As both medical and recreational marijuana use becomes more widely accepted throughout the state, California employers need to check to ensure their policies are violating their employees’ rights. The Adult Use of Marijuana Act (Prop 64) was voted into law on November 8, 2016, effectively legalizing recreational marijuana use throughout the entire state. However, the California Bureau of Cannabis Control only began to issue licenses to commercial marijuana dispensaries in January of 2018. Since then, thousands of recreational dispensaries have been issued licenses, allowing more Californians to have access to marijuana for recreational usage.
Marijuana usage, whether for medical or recreational purposes, creates some concerns for employers in California. While Prop 64 explicitly states that California employers can “enact and enforce workplace policies pertaining to marijuana” and have “policies prohibiting the use of marijuana by employees and prospective employees,” courts are still working out the gray areas of legalization. Employers in California are not required to accommodate medical or recreational marijuana use in the workplace, but they should be careful when policing off-duty usage.
Drug Testing California Employees
Under most of the drug-testing programs that employers use, a positive result can not indicate if the marijuana use happened on or off duty. The most commonly-used method, urine testing, may even detect use that occurred as many as 90 days before the test was administered.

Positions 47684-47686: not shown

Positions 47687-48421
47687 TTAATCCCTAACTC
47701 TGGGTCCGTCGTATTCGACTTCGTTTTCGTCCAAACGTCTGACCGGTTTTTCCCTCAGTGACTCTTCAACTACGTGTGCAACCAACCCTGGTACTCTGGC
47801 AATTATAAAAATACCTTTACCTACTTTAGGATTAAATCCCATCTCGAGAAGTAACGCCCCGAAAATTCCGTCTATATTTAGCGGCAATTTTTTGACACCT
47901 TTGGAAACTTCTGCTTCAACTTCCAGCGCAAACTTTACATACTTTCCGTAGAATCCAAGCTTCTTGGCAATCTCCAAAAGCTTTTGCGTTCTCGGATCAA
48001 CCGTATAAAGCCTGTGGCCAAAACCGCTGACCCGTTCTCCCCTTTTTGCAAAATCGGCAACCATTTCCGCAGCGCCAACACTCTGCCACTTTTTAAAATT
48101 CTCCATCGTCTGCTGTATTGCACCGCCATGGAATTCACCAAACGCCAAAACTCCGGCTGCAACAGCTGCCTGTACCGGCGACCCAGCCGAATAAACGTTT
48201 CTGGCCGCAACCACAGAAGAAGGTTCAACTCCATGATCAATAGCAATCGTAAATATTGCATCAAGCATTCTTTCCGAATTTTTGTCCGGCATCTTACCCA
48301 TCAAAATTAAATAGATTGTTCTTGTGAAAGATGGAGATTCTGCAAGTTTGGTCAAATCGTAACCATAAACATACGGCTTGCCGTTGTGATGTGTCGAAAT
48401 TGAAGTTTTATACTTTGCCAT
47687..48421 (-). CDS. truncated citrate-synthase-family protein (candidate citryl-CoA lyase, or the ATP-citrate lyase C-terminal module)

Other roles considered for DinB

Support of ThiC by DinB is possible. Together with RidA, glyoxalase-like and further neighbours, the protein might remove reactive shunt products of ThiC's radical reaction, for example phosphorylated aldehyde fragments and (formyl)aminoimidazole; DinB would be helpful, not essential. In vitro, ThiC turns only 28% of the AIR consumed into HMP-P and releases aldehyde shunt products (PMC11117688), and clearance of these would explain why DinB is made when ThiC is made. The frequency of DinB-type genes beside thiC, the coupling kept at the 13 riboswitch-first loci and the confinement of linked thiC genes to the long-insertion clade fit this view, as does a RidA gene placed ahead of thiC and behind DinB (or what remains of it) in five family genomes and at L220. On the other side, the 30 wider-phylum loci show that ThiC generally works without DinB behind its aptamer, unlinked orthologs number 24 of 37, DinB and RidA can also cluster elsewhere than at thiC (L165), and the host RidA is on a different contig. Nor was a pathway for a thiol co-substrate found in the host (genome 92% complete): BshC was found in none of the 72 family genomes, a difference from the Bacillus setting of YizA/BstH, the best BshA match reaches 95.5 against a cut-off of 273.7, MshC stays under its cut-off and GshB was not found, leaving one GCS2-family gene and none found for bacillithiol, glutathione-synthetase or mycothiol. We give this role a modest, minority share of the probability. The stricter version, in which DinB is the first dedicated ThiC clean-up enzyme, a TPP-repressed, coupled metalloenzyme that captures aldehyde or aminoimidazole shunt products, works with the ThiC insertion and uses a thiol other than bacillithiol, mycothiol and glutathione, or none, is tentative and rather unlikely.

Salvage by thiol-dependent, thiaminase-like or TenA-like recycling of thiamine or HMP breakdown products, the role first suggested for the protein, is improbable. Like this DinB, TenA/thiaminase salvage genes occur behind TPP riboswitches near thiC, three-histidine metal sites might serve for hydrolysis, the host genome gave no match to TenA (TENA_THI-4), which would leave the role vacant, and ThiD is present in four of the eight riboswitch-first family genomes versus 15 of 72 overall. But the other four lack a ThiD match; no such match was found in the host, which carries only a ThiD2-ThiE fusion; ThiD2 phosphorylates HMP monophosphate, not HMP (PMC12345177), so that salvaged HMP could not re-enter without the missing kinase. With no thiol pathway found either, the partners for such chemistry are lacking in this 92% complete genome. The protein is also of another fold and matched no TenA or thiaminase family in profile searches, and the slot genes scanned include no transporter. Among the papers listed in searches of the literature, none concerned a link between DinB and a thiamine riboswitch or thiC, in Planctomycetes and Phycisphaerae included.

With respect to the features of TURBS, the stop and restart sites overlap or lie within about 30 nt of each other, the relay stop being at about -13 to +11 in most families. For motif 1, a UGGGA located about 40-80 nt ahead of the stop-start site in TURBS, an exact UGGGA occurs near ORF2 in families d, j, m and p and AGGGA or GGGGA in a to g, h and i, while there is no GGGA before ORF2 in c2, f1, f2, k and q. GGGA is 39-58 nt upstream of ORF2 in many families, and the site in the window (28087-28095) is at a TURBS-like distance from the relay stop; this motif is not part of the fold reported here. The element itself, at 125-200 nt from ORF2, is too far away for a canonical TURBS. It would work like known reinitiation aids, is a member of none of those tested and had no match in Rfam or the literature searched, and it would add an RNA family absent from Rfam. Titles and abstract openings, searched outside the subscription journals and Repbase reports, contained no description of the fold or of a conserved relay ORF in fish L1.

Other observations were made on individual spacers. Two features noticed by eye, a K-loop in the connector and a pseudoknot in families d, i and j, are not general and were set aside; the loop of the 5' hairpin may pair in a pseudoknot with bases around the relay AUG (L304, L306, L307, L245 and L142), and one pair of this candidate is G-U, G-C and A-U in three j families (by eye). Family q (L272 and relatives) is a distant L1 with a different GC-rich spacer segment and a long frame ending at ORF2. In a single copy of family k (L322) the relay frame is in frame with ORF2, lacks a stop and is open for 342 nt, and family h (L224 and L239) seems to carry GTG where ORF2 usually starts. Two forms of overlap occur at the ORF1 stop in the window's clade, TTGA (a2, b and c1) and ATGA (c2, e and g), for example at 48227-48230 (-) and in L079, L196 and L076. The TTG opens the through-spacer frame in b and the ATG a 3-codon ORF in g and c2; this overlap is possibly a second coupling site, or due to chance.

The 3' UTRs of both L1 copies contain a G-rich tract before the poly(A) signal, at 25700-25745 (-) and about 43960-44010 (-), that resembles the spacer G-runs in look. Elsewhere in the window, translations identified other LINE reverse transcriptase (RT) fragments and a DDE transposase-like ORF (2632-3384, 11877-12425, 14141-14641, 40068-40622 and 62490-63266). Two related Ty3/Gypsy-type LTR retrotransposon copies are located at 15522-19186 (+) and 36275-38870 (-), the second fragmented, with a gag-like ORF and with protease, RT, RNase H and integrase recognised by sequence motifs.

When deciding whether or not to screen applicants or employees for marijuana usage, employers need to ensure that they’re not violating any privacy or disability laws. According to current labor laws, employers may only conduct drug testing on their employees in the following limited circumstances:
- during a pre-employment screening
- as part of a physical examination
- under reasonable suspicion
- during post-accident testing
- as part of required random testing of employees in specific regulated industries or in positions critical to public safety or the protection of life, property or national security.
The complexity of marijuana laws may raise concerns for California employers, but that doesn’t mean they shouldn’t enact policies that prohibit the use of drugs and alcohol in the workplace. According to recent statistics, employees who test positive for marijuana have 55 percent more industrial accidents, 75 percent higher absenteeism and 85 percent more injuries than those who test negative for the drug. Employers do have the right to maintain a level of safety in their workplace, for the health of all employees and for the health of their business.
Rather than focusing on drug testing employees at random to catch them off guard, employers should focus on safety as a whole. Testing can be done if there is reasonable suspicion, or if an accident occurs in the workplace. Of course, drug testing is also permitted as part of a pre-employment screening, but it may not always give the employer the most accurate result and could open them up to employment claims if not handled properly.
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